About The Instructor(s)
This section is Communication Skills intensive. Communication Skills I-V must be completed before taking this course.
Enrollment for this section is reserved for students in the School of Adult and Continuing Education (ACE).
All courses offered through the School of Adult and Continuing Education utilize an online component. The amount of online usage varies with the type of class. If you have any questions regarding this or anything else related to ACE, please direct your inquiry to email@example.com.
Section will be taught as a combination of online and in class meetings. There are regularly scheduled class meeting times as well as significant online interaction and assignments. Students must arrange for daily access to a computer and the Internet prior to the start of classes. Robert Morris labs are to be used only as a backup in special situations and may not be relied upon for extended periods of time. In addition to the Internet link, online classes have a large emphasis on email. All messages from the instructor and other information regarding online classes, including user ids, passwords, and login instructions will be sent to your Robert Morris University email account.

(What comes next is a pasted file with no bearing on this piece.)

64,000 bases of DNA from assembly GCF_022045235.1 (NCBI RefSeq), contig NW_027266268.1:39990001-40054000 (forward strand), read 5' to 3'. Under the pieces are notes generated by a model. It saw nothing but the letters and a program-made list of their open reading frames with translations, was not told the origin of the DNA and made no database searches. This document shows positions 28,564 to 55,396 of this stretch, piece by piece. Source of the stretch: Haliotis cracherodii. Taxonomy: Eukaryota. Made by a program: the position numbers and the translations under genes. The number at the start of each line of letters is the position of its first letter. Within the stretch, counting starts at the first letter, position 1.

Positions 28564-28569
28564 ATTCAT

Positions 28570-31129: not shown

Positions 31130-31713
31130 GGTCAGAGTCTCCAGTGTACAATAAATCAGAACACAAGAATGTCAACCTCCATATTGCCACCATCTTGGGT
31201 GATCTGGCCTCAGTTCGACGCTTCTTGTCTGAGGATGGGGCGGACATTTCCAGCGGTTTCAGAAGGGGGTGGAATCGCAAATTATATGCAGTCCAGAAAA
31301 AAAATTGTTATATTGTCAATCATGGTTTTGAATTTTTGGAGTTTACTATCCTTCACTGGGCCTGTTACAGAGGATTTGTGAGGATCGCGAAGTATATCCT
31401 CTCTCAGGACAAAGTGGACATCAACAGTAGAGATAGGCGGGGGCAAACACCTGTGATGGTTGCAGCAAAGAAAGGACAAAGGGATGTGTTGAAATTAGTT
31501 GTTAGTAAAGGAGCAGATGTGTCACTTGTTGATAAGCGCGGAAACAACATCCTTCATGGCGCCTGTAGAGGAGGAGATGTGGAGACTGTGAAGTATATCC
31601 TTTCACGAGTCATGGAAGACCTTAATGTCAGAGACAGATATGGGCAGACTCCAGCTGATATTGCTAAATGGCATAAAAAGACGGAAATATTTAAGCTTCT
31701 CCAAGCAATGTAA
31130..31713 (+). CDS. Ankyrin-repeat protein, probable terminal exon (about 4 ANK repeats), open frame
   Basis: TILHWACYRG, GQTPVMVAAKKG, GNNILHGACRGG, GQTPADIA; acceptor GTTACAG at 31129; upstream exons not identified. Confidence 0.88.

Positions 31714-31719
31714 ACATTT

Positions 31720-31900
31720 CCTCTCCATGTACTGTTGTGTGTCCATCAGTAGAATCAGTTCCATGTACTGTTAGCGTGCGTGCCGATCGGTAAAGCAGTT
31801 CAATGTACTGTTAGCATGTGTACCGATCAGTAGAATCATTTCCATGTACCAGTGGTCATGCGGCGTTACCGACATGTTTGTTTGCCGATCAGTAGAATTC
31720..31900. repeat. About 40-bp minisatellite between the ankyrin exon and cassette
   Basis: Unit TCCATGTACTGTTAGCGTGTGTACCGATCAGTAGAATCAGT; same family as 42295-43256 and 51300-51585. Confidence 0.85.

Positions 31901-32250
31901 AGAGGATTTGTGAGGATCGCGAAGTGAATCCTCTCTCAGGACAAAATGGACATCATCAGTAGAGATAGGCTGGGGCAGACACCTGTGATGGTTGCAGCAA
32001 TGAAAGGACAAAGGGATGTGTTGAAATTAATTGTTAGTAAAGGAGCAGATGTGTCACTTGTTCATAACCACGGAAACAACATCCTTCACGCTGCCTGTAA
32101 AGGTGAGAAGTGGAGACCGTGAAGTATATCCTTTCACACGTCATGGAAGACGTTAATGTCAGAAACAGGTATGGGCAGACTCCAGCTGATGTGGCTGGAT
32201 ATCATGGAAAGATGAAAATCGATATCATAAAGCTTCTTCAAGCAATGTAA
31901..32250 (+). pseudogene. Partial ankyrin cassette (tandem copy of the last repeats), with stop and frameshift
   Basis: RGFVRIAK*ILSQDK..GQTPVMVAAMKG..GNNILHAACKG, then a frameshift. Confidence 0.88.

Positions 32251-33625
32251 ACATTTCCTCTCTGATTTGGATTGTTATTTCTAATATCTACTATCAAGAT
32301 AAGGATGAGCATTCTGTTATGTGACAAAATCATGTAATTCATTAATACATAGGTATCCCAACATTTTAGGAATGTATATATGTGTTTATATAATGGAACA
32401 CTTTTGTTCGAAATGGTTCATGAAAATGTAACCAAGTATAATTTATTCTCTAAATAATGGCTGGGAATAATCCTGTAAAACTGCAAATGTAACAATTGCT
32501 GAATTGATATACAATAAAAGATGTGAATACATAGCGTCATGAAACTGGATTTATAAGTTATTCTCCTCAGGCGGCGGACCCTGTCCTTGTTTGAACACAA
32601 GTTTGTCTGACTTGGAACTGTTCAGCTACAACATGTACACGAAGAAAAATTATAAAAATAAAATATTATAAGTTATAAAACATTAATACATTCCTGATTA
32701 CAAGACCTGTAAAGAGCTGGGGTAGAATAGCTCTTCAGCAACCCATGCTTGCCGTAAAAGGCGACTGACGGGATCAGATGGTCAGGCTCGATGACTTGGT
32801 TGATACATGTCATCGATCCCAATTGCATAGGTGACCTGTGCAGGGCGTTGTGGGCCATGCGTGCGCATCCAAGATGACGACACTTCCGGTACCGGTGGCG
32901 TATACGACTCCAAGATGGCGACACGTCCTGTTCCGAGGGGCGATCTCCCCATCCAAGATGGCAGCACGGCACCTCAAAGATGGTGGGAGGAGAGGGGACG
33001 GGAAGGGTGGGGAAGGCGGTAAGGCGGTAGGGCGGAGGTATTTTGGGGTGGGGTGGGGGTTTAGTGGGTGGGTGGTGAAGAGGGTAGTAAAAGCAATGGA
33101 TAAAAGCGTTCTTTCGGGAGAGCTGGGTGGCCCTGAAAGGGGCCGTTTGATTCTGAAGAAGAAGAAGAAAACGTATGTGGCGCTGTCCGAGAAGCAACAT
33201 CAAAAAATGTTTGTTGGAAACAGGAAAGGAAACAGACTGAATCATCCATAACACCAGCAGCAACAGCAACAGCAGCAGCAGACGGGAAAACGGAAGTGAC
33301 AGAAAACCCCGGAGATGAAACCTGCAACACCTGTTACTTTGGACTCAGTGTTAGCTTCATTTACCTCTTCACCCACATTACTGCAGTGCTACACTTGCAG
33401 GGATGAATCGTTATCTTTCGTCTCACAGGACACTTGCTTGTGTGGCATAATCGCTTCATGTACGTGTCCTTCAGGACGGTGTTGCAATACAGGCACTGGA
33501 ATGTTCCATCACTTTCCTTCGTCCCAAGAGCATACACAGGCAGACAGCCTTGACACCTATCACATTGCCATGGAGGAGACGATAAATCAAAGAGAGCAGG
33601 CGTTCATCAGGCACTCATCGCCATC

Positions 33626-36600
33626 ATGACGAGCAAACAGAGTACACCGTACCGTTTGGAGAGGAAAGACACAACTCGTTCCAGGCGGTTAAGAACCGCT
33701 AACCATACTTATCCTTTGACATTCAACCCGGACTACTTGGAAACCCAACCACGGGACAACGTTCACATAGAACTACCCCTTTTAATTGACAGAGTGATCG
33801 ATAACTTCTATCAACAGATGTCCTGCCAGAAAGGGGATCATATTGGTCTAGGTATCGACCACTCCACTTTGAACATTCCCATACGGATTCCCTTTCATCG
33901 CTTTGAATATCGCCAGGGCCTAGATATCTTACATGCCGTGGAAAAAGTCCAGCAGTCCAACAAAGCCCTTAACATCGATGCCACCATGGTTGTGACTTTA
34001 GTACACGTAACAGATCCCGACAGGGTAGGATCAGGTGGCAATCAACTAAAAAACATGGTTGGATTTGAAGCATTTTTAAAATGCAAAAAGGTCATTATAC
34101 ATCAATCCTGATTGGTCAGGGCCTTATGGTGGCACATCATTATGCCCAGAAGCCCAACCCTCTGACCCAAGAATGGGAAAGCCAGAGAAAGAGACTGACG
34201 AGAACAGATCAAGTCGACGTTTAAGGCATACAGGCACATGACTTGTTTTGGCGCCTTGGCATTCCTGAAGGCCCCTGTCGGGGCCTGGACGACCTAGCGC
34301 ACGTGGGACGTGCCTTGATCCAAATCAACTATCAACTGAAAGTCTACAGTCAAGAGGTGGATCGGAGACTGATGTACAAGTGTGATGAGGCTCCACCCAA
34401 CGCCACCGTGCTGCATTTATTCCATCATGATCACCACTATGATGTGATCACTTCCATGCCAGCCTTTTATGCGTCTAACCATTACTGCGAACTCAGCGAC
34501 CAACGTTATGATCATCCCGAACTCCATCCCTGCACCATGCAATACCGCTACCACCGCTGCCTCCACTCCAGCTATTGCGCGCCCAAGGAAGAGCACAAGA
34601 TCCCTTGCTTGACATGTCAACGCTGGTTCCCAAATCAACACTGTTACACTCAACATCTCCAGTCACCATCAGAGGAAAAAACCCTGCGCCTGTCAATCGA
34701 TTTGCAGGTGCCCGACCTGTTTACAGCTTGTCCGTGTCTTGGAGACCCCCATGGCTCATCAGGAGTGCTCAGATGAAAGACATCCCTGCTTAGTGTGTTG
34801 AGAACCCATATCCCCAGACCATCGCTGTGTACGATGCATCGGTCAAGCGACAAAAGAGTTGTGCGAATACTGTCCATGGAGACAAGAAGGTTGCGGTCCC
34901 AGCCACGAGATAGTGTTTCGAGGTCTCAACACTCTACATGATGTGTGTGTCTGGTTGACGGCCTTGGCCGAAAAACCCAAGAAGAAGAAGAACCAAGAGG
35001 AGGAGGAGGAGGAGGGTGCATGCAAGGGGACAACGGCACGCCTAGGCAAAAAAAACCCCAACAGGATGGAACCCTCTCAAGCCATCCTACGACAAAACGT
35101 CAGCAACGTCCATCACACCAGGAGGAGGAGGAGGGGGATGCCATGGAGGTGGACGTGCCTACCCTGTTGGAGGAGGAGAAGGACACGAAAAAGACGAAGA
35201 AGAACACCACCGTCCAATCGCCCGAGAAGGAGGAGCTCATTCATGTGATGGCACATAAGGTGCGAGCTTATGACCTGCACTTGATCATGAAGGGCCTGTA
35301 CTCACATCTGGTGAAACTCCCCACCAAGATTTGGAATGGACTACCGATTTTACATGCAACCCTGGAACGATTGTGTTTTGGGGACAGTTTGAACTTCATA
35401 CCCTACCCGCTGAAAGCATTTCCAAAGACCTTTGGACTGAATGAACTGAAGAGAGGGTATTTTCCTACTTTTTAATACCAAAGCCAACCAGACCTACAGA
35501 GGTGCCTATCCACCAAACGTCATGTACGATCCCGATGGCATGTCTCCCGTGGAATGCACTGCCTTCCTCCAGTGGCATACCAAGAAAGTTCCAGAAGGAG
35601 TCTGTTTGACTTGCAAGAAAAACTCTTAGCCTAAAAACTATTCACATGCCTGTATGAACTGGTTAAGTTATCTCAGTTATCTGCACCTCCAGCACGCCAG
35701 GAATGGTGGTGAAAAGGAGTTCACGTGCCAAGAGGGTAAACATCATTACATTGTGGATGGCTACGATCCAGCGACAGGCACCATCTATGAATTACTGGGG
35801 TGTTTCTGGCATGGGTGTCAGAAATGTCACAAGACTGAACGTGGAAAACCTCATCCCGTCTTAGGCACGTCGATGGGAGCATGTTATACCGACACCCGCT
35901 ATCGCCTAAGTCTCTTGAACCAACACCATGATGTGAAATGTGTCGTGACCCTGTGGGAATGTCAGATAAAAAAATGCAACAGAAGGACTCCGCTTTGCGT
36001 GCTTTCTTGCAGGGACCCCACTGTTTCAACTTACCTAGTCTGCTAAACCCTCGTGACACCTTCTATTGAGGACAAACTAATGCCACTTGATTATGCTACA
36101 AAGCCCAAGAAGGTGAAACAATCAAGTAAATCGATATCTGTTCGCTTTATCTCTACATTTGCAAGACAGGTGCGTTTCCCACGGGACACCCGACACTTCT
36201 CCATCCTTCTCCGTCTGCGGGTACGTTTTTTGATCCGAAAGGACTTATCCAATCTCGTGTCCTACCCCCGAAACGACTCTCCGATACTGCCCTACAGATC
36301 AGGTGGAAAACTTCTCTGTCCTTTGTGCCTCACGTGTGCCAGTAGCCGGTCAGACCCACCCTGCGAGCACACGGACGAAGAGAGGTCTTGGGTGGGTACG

Visit http://rmu.blackboard.com/ for more information.
Session, Dates: 3 (10/23/2004 - 12/18/2004)
Time: 06:00 - 08:00 pm
Location: Moon Campus
Room: Hale Center 104
Seats Available: 3 Seats
The following additional fees apply to this section:
Partially Online Fee
This course reinforces the integrated nature of the communications skills program and the significance of communications for a successful life and career. By learning to analyze and understand their professors as audiences, students are made conscious of the communications and behavioral expectations of their professors and of the reasons for variations in those expectations. While acquiring strategies for researching, interviewing, interpreting, and speaking, students focus on principles of logic, critical thinking, argumentation, and audience analysis necessary to create their own arguments as well as critique the arguments of others. Though all the communications skills are practiced, speaking and writing are emphasized. All written work is to be done on a word processor.
Mary C. Hoover, D.Ed.
Wheatley Center 142